Buganda Kingdom has rejected proposals to fuse Mailo and freehold land tenure into one, saying such a move would undermine the proprietary interests of registered owners of the land including Kabaka Ronald Muwenda Mutebi II.
In its interim report to President Museveni on 15 January 2018, the Land Inquiry Commission led by Justice Catherine Bamugemereire recommended the “reduction of current land tenures from four to perhaps three; freehold, customary freehold and leasehold.”
The revelation kicked up dust from different sections of the society including the Kingdom of Buganda who hold Mailo land titles worth billions of dollars.
Speaking to the Land Commission on Wednesday, the Kingdom’s Premier Peter Mayiga explained that the outcry arose out of the fact that no known public demand had been made before the Commission for the abolition of mailo land tenure.
Mayiga said it was unclear what the recommendation meant to registered owners of mailo land titles.
“Were they to be canceled? If so, would this not be contrary to Article 26 and 237 of the Constitution?” he wondered.
In response to these concerns the Commission issued a press release wherein it denied recommending “the abolition of ownership rights currently represented by Mailo land tenure.”
The Commission further stated that its recommendation was in fact that “efforts be made to fuse, over time, these parallel freehold type systems into a single tenure to introduce clarity and cohesions.”
To the Kingdom, said Mayiga, and indeed other registered owners of Mailo land titles, the clarification created more confusion than clarity.
He said much as the Commission denied recommending the abolition of Mailo interest it in fact made clear that it wanted there to remain only the tenure of freehold, customary freehold and lease hold.
Mayiga said a change of land tenure enshrined in Article 237 of the Constitution would require a Constitutional amendment in accordance with Article 259 of the Constitution, as well as, the amendment of the Land Act.
He said Buganda Kingdom is apprehensive about the proposal and believes that Mailo land tenure is uniquely part of Buganda’s history and is now deeply engrained in its culture, customs and traditions.
“The mailo land tenure is unique in the way it recognizes the interests of the registered proprietors and occupants of land. Indeed, customary practices have developed that define the terms of ownership, usage, occupation and inheritance of land under the mailo land regime,” said Mayiga.
“It accords each party with specific rights and interests that have been recognized over the years. It is difficult to imagine how these would be defined and understood in a fused tenure system.”
He further stated that the unique character of the Mailo land tenure in Buganda may explain why, even after it was abolished by General Idi Amin in 1975, the Mailo land division in the Ministry of Lands remained and mailo land titles continued to be issued and held. In effect, he said, Mailo land tenure was only abolished in name and not in fact.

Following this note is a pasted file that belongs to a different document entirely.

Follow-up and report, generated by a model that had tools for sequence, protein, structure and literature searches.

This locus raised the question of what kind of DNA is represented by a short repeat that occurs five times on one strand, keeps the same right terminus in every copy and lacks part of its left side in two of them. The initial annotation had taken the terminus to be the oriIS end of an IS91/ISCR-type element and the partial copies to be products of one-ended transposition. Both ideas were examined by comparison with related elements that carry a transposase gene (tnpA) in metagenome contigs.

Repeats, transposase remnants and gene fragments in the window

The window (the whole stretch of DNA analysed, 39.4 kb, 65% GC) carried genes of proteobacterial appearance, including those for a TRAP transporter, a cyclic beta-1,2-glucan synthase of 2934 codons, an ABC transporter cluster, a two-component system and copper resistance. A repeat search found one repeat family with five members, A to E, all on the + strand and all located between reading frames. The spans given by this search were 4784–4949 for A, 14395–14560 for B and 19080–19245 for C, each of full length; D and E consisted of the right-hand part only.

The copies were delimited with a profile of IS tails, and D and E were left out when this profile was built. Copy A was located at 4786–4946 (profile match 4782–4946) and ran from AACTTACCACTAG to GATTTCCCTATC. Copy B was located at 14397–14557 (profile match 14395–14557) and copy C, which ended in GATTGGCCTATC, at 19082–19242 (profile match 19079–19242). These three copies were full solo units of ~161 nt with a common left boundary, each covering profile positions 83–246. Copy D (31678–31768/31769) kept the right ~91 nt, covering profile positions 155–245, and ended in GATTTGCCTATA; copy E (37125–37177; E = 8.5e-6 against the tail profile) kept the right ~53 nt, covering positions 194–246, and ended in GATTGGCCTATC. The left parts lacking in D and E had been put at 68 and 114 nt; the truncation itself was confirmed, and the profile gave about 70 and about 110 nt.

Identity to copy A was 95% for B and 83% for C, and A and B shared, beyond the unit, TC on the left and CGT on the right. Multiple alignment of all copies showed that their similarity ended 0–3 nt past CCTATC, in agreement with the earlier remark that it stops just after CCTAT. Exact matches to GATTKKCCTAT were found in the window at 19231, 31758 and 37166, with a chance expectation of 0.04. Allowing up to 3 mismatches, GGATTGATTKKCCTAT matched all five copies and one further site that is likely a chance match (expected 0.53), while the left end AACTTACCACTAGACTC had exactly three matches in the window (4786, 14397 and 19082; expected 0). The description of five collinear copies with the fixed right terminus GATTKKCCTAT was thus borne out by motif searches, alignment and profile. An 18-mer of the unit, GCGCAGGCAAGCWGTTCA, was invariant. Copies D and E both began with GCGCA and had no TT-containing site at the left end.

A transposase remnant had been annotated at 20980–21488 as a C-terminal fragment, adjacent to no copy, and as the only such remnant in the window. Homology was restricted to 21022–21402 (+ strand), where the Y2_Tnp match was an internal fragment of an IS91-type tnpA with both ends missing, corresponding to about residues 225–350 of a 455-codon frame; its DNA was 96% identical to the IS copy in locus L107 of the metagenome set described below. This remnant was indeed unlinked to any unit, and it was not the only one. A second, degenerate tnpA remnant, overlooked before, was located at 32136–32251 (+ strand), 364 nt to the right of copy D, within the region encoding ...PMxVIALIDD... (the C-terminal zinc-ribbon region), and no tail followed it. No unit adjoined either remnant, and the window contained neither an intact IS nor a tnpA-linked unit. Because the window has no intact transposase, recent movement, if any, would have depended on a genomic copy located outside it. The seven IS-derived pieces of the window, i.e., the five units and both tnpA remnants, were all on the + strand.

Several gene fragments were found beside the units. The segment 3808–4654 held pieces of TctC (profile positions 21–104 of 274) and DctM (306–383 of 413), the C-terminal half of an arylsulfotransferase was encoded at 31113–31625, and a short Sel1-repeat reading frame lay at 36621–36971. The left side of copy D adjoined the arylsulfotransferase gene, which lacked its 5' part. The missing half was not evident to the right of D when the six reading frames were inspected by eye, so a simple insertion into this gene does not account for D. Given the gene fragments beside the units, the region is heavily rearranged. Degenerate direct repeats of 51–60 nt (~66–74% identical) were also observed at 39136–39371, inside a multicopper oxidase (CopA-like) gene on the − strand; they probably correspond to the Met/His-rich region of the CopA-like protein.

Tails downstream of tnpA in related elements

“It is sometimes wrongly argued that Mailo land tenure represents historical injustices of the land distribution under the 1900 Agreement. On this basis, it is argued that the abolition of this tenure would somehow redress these historical injustices. But these arguments wrongly presume that mailo land holdings today remain the same as they were in the early twentieth century,” said Mayiga.
“The reality is different because, as a result of conveyancing over the years, individuals and institutions, both within and outside Buganda, have acquired mailo land titles outside the colonial land allocations under the 1900 Agreement. Indeed, statistics available in the land registry show that the historical beneficiaries of land under the 1900 Agreement have long ceased to hold the land in question through succession, onward sales/transfers and other land grants.”
He emphasised that as of today, the only entity that retains land as was allocated under the 1900 Agreement is the institution of the Kabaka who still hold the 350 Sq. Miles.
“This being the case, it would be the institution of the Kabaka that would be most adversely affected by a proposal to either abolish Mailo land tenure or somehow fuse Mailo land tenure with other tenures,” said Mayiga.
It is claimed mailo land tenure is responsible for the lack of proper planning and zoning of developments in peri-urban and urban centers.
But Mayiga said the problem of congestion, poor planning, slums, poor sanitation and haphazard developments can only be blamed on the lack of effective laws and poor implementation of planning laws and policies.
“Mailo land tenure does not prohibit or preclude urban authorities from formulating and implementing town plans within clearly demarcated development zones or set standards,” said Mayiga.
“In any case it cannot be argued that poor planning and slummy conditions in other parts of Uganda are attributable to the mailo land tenure. For these reasons, it is doubtful that the fusion of land tenures will miraculously result in proper planning of urban areas absent of effective laws and policies as well as effective and deliberate implementation mechanisms by urban and town authorities.”